IRELAND'S rich are getting richer and the poor have had their income slashed by almost 20pc in just one year.
Social Justice Ireland has calculated that the poorest families in the country had 18.6pc of their spending power wiped out.
But the richest people in the country have seen their bank balances boosted by 4.1pc.
The top 10pc of the population receive 14 times the income earned by the poorest 10pc.
Social Justice Ireland has carried out a detailed analysis of the EU Social Inclusion Living Conditions survey in 2010 and published it in March.
The disposable income in this context "is the income one has after taxes paid and social welfare received".
Social Justice Ireland director Sean Healy said the Government's decisions have crippled families on lower incomes while favouring the rich.
"There is something profoundly wrong with Government decisions that produce this lopsided distribution of income favouring the richest when Ireland's poor and middle-income people struggle to make ends meet in these extremely difficult times," he said.
Mr Healy, an SMA priest, said the Government's emphasis on cuts rather than broadening the tax base was unjust and unnecessary.
"Decisions have been taken that have seriously damaged Ireland's most vulnerable people, that place a disproportionate burden on their shoulders, and seriously damage the social infrastructure on which they depend," he said.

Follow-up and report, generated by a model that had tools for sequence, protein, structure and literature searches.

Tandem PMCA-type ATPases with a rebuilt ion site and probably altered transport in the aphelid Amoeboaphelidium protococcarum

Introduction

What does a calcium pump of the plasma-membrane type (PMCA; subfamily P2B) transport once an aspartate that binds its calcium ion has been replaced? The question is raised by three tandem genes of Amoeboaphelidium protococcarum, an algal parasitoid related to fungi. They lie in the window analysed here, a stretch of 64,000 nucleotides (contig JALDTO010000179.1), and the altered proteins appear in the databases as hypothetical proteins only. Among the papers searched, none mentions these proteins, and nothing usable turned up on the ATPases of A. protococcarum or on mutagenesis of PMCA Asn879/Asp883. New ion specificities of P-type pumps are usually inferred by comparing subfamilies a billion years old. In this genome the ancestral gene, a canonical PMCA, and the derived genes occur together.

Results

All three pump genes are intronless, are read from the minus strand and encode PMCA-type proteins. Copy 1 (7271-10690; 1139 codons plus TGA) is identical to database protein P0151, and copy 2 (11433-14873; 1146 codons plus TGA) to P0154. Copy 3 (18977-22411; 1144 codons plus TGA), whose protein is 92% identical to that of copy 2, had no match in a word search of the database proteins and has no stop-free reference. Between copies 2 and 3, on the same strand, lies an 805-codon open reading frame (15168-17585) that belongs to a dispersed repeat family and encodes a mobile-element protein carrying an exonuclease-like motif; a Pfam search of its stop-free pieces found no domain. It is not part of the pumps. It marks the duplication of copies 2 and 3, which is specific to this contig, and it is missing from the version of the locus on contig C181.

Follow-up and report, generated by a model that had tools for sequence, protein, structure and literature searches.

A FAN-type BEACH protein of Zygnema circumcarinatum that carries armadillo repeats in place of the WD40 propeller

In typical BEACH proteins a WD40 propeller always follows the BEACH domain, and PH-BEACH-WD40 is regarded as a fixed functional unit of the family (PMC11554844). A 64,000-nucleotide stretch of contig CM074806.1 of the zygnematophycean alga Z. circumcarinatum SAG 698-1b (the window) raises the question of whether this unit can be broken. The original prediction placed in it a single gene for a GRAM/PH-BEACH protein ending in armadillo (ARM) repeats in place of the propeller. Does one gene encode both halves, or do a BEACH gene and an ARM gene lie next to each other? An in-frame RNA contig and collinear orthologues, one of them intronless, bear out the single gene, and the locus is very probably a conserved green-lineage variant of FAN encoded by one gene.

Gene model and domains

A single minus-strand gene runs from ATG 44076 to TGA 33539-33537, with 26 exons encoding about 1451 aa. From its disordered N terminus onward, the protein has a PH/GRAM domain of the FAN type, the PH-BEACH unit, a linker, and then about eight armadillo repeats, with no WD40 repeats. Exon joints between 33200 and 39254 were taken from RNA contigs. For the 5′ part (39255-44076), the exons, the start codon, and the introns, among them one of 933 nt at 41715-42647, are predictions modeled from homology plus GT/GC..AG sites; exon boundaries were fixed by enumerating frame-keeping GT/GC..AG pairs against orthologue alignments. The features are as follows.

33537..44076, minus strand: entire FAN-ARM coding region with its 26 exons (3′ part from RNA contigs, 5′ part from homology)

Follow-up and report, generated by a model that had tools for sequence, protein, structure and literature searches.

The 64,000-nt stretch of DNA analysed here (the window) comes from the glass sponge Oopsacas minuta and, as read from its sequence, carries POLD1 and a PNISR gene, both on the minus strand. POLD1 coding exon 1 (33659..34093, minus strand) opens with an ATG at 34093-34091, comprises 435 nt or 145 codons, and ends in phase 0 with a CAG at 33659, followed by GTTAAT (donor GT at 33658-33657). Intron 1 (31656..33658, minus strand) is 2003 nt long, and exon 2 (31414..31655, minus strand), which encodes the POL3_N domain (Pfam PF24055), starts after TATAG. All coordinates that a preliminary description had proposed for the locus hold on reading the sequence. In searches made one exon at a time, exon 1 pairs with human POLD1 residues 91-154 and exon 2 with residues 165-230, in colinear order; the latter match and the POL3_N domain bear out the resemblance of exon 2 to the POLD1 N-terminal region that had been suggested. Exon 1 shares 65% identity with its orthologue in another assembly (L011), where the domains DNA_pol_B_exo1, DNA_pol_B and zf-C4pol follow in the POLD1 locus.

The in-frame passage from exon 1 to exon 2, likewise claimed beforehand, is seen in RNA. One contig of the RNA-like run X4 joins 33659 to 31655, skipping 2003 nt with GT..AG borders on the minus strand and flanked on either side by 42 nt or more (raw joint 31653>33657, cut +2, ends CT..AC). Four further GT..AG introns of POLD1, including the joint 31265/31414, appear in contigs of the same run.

"The top 10pc of the population receives almost 14 times more disposable income than the poorest 10pc receive (28.5pc compared to 2.06pc).
"It was eight times more in 1980."
"The Government is facing a very difficult situation but there is a real danger that the policies to deal with it are going to produce a series of worse divisions in Ireland, where the vulnerable are bearing an unfair proportion of the hit."
Over the past two years, Social Justice Ireland has outlined how the Government's borrowing reduction target could be reached without the vulnerable taking the major part of the hit.
"The Government does have options but it appears that it does not have the protection of the vulnerable as one of its major priorities," Mr Healy said.
"It may have it in rhetoric but it certainly does not have it in practice."